Metropolitan News-Enterprise


Monday, May 16, 2016


Page 1


Espinoza to Leave Court for Mental Health Post


By a MetNews Staff Writer




Superior Court Judge

Los Angeles Superior Court Judge Peter Espinoza will be leaving the court to become director of the Los Angeles County Office of Diversion and Reentry, a county spokesperson confirmed Friday.

The spokesperson said Dr. Mitchell Katz, head of the county’s Department of Health Services, had chosen Espinoza, 63, as the first permanent head of the agency, which was created last year and has been jointly overseen by DHS and District Attorney’s Office officials.

The agency, which is to be funded at the rate of $10 million annually, was created pursuant to a motion by Supervisors Mark Ridley-Thomas and Sheila Kuehl, who credited a report by District Attorney Jackie Lacey that addressed the challenges of releasing mentally ill low-level offenders from jail and placing them in treatment.

The supervisors estimated that at least 40 percent of the funds will be allocated towards housing and 50 percent for the cost of expanding existing successful or promising diversion and anti-recidivism programs, especially those that are community based.

Espinoza could not be reached for comment Friday, but a court clerk confirmed that this will be his last week on the bench.

He has been judge since 1994, when then-Gov. Pete Wilson appointed him to the Los Angeles Municipal Court. He was elevated to the Superior Court by Wilson in 1997.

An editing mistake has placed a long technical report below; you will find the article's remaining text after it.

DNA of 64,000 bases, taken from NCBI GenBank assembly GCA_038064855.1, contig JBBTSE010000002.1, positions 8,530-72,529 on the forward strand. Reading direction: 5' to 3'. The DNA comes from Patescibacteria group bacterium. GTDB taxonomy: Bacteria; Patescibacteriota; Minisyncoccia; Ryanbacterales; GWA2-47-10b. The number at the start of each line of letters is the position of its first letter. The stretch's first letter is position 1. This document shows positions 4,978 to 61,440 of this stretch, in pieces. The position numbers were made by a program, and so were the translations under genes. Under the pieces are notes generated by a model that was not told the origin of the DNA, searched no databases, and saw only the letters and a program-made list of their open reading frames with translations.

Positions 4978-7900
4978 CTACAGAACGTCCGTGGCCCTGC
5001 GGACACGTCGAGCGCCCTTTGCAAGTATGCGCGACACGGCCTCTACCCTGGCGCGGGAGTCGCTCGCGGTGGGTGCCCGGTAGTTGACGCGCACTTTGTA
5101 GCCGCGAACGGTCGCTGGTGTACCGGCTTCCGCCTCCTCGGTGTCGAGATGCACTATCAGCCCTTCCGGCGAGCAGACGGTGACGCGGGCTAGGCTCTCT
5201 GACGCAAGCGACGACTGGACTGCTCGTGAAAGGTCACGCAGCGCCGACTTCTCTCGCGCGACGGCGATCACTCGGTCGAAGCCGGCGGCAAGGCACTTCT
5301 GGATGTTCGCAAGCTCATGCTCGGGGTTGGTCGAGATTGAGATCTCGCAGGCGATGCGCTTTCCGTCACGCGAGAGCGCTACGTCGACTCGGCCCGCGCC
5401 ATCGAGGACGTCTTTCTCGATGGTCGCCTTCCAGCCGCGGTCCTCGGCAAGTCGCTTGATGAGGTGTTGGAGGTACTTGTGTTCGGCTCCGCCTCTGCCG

A graduate of San Francisco State University, where he majored in social work while assisting poor Spanish-speaking clients of the Legal Community Legal Defense Office as a volunteer, Espinoza earned his law degree from UCLA in 1980. While in law school, he chaired the Chicano Law Students Association. After graduation from law school, he obtained a Reginald Heber Smith fellowship and worked for San Fernando Valley Neighborhood Legal Services.

He then joined that Orange County Public Defender’s Office, where he worked from 1981 to 1983. He was in private practice in Los Angeles and then Downey between 1984 and 1990, mostly handling public interest, juvenile, and dependency cases.

He was named a commissioner of the Los Angeles Superior Court in 1990 and served in that role until Wilson appointed him a judge.

During his 22-year judicial career, he has served in a variety of leadership roles, including supervising judge of the Southeast District and later of the criminal courts; member of the court Executive Committee, and member of the search committee that recommended candidates for the Clerk/Court Executive Officer position when it last became vacant.


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